The parade of comic book (er, graphic novel) adaptations continues with Constantine, a reworking of DC Comics' monthly Hellblazer. Unlike most of the other source comics, Hellblazer has a much older audience, and is considered for "mature readers." The closest piece of comparison would be the awful League of Extraordinary Gentlemen, but thankfully Constantine does not sink that low. It still is not much of a film, hampered by a convoluted script, over-reliance on CGI, and the miscasting of Keanu Reeves. Reeves (Something's Gotta Give, The Matrix Revolutions) plays John Constantine, who is trying to get into Heaven by sending as many demons as possible back to hell. The premise behind the film is that Earth is like some chessboard between God and Satan. Each uses angels and demons to try to wage war over souls, but there can be no direct contact. Constantine is one of the few who can see angels and demons, and a suicide attempt years ago condemned him to Hell. He is trying to redeem himself by doing as many good acts as possible.

It's interesting to note that the underlying theology in Kevin Brodbin (The Glimmer Man), and Frank Capello's (No Way Back, Suburban Commando) screenplay is firmly rooted in Catholicism. God and Satan exist, as does Hell, a ravaged, fire-scorched city awash with demons. To declare such beliefs so overtly is unusual, even in the bad to mediocre Christian films that come out every so often. Of course, director Francis Lawrence (who has a background in music videos) changes things to suit the story, but this is to be expected. As the chain-smoking Constantine, Reeves tries to act with a "who gives a f*ck" attitude, but this doesn't work. His minimalist delivery is not suited to that of a world-weary, lung-cancer afflicted arsehole. And although he's over forty (wow), Reeves still looks a bit boyish, and way too healthy for the role.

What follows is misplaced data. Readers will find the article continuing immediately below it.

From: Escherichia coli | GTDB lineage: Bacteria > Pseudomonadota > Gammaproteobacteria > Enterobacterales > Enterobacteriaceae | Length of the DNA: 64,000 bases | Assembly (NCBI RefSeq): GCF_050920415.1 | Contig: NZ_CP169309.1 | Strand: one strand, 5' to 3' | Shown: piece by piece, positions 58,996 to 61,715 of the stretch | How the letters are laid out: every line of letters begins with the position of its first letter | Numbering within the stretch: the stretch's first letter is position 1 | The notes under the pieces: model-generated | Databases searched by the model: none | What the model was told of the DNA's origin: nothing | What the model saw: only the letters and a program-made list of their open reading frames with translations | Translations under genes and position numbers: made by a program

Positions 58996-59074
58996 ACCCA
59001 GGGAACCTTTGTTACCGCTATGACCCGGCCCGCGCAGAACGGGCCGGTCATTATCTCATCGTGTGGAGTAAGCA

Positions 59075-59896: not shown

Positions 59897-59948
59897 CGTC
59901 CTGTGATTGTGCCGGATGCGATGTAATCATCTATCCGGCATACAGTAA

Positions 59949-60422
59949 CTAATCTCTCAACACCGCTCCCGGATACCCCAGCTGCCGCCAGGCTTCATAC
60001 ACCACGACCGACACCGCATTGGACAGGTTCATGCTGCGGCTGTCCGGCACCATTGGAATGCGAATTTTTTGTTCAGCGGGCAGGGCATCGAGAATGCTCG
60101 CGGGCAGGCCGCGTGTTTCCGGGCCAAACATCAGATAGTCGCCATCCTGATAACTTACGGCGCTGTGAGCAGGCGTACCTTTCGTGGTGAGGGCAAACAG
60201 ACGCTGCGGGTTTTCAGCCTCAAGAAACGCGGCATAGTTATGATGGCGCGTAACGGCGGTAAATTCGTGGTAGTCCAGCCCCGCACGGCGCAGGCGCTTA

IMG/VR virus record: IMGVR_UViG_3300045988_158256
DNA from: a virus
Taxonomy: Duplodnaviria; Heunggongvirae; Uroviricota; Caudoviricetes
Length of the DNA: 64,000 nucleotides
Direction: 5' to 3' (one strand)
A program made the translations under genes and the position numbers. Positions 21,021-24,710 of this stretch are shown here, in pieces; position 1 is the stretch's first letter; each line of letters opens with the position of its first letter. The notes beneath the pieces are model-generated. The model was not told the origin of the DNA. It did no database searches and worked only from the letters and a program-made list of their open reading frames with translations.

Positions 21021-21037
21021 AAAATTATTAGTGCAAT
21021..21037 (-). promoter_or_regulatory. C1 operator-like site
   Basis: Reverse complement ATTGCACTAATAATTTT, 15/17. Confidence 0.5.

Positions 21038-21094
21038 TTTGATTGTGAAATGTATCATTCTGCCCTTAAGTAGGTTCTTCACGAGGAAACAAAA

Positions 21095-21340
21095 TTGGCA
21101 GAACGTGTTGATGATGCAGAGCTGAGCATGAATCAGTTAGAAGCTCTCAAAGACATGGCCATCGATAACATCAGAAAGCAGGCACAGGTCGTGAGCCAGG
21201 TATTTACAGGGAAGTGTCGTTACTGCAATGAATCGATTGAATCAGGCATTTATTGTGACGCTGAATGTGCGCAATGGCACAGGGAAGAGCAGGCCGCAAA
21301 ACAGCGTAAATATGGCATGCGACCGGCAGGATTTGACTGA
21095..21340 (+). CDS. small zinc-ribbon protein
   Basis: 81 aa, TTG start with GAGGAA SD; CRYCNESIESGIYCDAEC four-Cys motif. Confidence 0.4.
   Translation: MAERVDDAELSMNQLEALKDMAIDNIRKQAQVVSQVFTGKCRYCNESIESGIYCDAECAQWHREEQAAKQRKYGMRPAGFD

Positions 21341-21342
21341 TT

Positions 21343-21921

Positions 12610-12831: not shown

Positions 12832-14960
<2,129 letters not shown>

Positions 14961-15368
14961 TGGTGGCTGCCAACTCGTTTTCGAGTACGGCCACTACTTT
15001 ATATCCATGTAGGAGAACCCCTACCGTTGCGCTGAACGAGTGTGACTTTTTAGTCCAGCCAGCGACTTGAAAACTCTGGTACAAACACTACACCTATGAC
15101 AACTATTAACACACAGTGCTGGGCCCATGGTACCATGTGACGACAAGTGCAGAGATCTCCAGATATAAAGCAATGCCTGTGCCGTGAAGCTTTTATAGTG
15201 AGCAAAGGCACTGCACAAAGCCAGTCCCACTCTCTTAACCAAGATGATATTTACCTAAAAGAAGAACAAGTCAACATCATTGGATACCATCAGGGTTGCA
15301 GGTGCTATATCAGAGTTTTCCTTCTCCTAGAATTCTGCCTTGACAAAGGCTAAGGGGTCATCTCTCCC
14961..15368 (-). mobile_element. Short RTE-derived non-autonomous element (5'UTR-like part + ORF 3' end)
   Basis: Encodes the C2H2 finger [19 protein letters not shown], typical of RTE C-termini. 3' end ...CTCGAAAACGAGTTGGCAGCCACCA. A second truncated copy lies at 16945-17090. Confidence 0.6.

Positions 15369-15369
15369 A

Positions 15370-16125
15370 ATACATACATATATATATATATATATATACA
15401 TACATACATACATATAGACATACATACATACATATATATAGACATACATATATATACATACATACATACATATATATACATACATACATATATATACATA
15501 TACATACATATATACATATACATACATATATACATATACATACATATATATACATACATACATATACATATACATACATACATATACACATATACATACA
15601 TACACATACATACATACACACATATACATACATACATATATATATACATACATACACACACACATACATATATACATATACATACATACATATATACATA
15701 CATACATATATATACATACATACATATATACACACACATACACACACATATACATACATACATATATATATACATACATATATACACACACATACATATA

Detective Angela Dodson (Rachel Weisz, Envy, Runaway Jury) seeks out Constantine's help to solve the suicide of her twin sister Isabel. Isabel was a devout Catholic, so Dodson finds suicide highly unlikely, although cameras caught Isabel jumping off a building. Of course, larger things are at play that involve the Spear of Destiny (the spear that a Roman soldier stuck in Jesus' side while crucified), and the emergence of Satan's son on Earth. It's all a bunch of hooey, and any thought directed at deciphering the script is bound to leave one annoyed. Basically, it's Constantine and an initially skeptical Dodson running around killing demons. Along the way, Reeves and his own personal Sccoby gang help out before Satan's emissary Balthazar (Bush's Gavin Rossdale, Little Black Book) and the angel Gabriel (Tilda Swinton, The Statement, Young Adam) appear occasionally to annoy Constantine.

The story drags considerably in the middle, as Lawrence tries to develop the Constantine and Dodson characters, as well as the beginnings of a relationship between them. Lawrence also has a habit of trying to fill as much of the screen as possible with CGI, probably to try to grab the attention of the audience. This is overkill. The first few shots of Hell were effective, constant trips back are not. It seems there was a lot of thought put into the underlying tenets of the Constantine universe. The story sets everything up, then throws a lot away in favor of a typical action-style horror film. Nothing in this film justifies a two-hour running time, and although Constantine is never boring, it frequently approaches this level.

Haro Rates It: Not That Good.
2 hours, 1 minute, Rated R for violence and demonic images.

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